Cory Schneider

Shocker: Canucks start Cory Schneider over Roberto Luongo in Game 6

When you need to change your luck in the NHL sometimes you’ll change your sticks or a piece of your gear or shuffle the lines. Vancouver coach Alain Vigneault is doing something a bit more drastic in tonight’s Game 6 by starting backup goalie Cory Schneider instead of Roberto Luongo.

The move comes on the heels of two consecutive blowouts with Luongo being the victim for six goals against in 44 minutes of play in Game 4 and four goals against on 12 shots in Game 5. Schneider relieved Luongo in both games and allowed one goal in each game as the Canucks were blown out in Game 4 8-2 and 5-0 in Game 5.

The message here is clear from Vigneault in that he needs to let Luongo breathe a bit after being victimized so badly in the last two games. The risk that he runs by making this move in the middle of the series and at the start of the playoffs is that if Vancouver wins and moves on to the second round, there will no doubt be a huge goalie controversy heading into the second round.

If Vancouver loses and the series goes to a seventh game, then you’re left wondering just who is going to get the call to start in Game 7. Do they go with Vezina Trophy finalist Luongo who apparently needed a break after being lit up in back to back games, or do they opt for Schneider who they felt was good enough to sit down the five time All-Star goalie to get them back on the winning side of things in Game 6? It sets up for a fascinating debate either way things work out and puts Vigneault in a very tough spot from here on forward.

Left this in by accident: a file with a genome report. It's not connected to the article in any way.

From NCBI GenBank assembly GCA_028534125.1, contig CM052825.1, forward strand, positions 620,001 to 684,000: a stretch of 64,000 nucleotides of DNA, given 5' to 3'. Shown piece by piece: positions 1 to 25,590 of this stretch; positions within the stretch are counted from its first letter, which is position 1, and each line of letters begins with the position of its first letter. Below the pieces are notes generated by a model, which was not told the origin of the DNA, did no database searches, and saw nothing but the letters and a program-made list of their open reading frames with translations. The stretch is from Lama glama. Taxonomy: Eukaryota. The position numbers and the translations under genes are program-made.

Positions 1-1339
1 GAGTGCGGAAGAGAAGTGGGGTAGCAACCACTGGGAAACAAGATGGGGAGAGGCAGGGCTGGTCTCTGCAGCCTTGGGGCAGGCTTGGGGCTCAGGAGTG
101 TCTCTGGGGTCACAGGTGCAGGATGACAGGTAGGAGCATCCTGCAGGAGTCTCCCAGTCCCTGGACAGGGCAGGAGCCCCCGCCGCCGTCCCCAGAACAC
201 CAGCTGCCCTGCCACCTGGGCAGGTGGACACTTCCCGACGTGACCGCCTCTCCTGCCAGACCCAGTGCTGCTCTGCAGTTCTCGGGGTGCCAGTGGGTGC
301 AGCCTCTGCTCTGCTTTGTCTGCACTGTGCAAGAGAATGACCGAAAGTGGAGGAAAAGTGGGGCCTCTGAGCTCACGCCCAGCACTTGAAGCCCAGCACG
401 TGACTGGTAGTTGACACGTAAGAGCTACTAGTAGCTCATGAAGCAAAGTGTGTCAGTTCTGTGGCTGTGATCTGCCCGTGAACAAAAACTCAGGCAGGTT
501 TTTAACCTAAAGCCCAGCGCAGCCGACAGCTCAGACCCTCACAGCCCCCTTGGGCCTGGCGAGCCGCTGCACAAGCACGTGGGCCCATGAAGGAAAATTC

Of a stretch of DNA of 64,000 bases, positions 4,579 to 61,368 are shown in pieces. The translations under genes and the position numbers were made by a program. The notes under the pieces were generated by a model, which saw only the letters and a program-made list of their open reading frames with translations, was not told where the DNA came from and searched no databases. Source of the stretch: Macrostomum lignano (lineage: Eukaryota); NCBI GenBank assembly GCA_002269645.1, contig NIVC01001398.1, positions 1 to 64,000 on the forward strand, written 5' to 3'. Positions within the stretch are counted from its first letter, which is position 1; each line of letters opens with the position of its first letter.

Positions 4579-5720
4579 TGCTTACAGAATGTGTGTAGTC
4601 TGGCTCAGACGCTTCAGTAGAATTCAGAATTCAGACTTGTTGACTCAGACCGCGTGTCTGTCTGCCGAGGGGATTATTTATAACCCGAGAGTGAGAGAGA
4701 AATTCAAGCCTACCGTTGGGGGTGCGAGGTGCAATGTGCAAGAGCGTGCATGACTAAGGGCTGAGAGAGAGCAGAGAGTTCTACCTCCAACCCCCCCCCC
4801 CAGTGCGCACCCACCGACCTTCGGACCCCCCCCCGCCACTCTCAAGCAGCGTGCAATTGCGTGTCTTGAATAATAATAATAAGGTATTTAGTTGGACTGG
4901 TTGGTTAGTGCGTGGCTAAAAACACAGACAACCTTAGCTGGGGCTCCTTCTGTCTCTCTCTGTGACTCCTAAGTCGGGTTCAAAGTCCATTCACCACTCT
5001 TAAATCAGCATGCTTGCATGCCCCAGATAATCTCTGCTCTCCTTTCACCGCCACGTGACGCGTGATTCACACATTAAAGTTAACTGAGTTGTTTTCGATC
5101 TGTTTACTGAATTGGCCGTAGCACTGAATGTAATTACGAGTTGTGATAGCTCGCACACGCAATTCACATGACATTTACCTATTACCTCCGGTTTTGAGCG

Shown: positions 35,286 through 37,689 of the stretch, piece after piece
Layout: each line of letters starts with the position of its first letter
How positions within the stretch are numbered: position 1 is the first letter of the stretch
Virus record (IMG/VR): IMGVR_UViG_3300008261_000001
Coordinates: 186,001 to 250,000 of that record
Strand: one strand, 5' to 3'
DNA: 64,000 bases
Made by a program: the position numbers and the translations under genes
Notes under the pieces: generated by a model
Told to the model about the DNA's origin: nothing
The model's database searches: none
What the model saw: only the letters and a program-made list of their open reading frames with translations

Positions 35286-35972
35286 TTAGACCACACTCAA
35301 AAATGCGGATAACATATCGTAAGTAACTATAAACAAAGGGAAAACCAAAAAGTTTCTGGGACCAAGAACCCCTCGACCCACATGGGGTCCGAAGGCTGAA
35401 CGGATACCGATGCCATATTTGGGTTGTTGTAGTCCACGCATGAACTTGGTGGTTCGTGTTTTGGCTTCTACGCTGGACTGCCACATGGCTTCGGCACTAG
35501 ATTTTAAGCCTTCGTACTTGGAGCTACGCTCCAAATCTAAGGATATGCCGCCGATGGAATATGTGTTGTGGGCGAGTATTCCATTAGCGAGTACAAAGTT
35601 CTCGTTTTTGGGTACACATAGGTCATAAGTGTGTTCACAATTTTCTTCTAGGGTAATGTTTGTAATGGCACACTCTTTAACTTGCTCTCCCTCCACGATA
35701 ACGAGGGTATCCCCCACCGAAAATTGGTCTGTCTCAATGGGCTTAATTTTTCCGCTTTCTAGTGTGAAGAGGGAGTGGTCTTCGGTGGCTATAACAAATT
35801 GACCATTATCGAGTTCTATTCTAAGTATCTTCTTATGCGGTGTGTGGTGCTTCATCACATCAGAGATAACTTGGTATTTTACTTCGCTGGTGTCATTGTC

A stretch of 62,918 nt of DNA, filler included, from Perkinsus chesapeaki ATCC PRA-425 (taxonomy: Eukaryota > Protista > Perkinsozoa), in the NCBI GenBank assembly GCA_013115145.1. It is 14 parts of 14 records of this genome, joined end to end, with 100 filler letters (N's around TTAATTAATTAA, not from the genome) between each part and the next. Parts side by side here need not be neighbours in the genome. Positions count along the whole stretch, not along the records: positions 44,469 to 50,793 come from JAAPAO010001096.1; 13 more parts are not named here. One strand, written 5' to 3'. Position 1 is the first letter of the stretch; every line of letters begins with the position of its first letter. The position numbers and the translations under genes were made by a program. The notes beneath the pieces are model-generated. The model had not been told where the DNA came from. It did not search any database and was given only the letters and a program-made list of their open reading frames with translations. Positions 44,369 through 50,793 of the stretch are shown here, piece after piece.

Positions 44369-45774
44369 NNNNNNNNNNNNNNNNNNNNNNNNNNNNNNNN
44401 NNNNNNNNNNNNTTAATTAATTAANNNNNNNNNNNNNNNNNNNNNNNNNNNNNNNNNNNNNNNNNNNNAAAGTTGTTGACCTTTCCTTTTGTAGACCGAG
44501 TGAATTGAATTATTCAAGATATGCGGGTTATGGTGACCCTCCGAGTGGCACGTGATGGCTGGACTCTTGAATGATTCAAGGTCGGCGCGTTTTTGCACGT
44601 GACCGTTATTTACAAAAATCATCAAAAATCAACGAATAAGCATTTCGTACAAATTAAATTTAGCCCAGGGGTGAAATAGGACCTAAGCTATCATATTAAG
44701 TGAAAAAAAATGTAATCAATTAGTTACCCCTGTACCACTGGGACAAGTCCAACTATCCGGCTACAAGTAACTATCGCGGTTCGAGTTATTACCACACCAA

It also makes you wonder just how badly the Blackhawks have gotten into Luongo’s head. After looking stellar in a shutout in Game 1, the Blackhawks kept whittling away at him and finding ways to score goals the rest of the way through the series. If it’s a case where Luongo is mentally exhausted in dealing with Chicago in the playoffs, that makes us wonder just how potential future opponents in the playoffs are going to treat him. Chances are they’ll be watching a lot of tape to see what it is Chicago does to make him so batty.

Report: Kings, Richards nearing settlement

Mike Richards
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The Los Angeles Kings and Mike Richards may be nearing a settlement in their dispute over Richards’ terminated contract, TSN’s Bob McKenzie is reporting.

You can read the report for all the details, but we’re sure curious about this part:

If a settlement is reached, there’s no word yet on what salary cap penalties the Kings would still face. There’s bound to be something, but not likely as onerous as the full value of Richards’ contract, which carries with it a cap hit of $5.75 million. If there’s a settlement, Richards would undoubtedly become a free agent though there’s no telling at this point what monies he would be entitled to from the Kings in a settlement.

The issue here is precedent, and what this case could set. The NHL and NHLPA can’t allow teams to escape onerous contracts through a back door, and many are adamant that that’s what the Kings were attempting to do in Richards’ case.

Bettman to players: Don’t screw up ‘once-in-a-lifetime opportunity’ with drugs

Gary Bettman
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The NHL wants to take an educational approach — not a punitive one — to deter its players from using illicit drugs like cocaine.

“My interest is not to go around punishing people,” Bettman told Sportsnet today.

“My interest is getting players to understand the consequences of doing something that could jeopardize this great, once-in-a-lifetime opportunity that they’ve been given, to play in the NHL.”

While some players have expressed surprise at hearing that cocaine use is growing, the anecdotal evidence of substance abuse has been very much in the news, from Jarret Stoll‘s arrest to Mike Richards’ arrest to, more recently, Zack Kassian‘s placement in the NHL/NHLPA’s treatment program.

“We don’t have the unilateral right to do things here. We need the consent of the Players’ Association,” Bettman said. “It’s not about punishment. It’s about making sure we get it to stop.”

Related: Cocaine in the NHL: A concern, but not a crisis?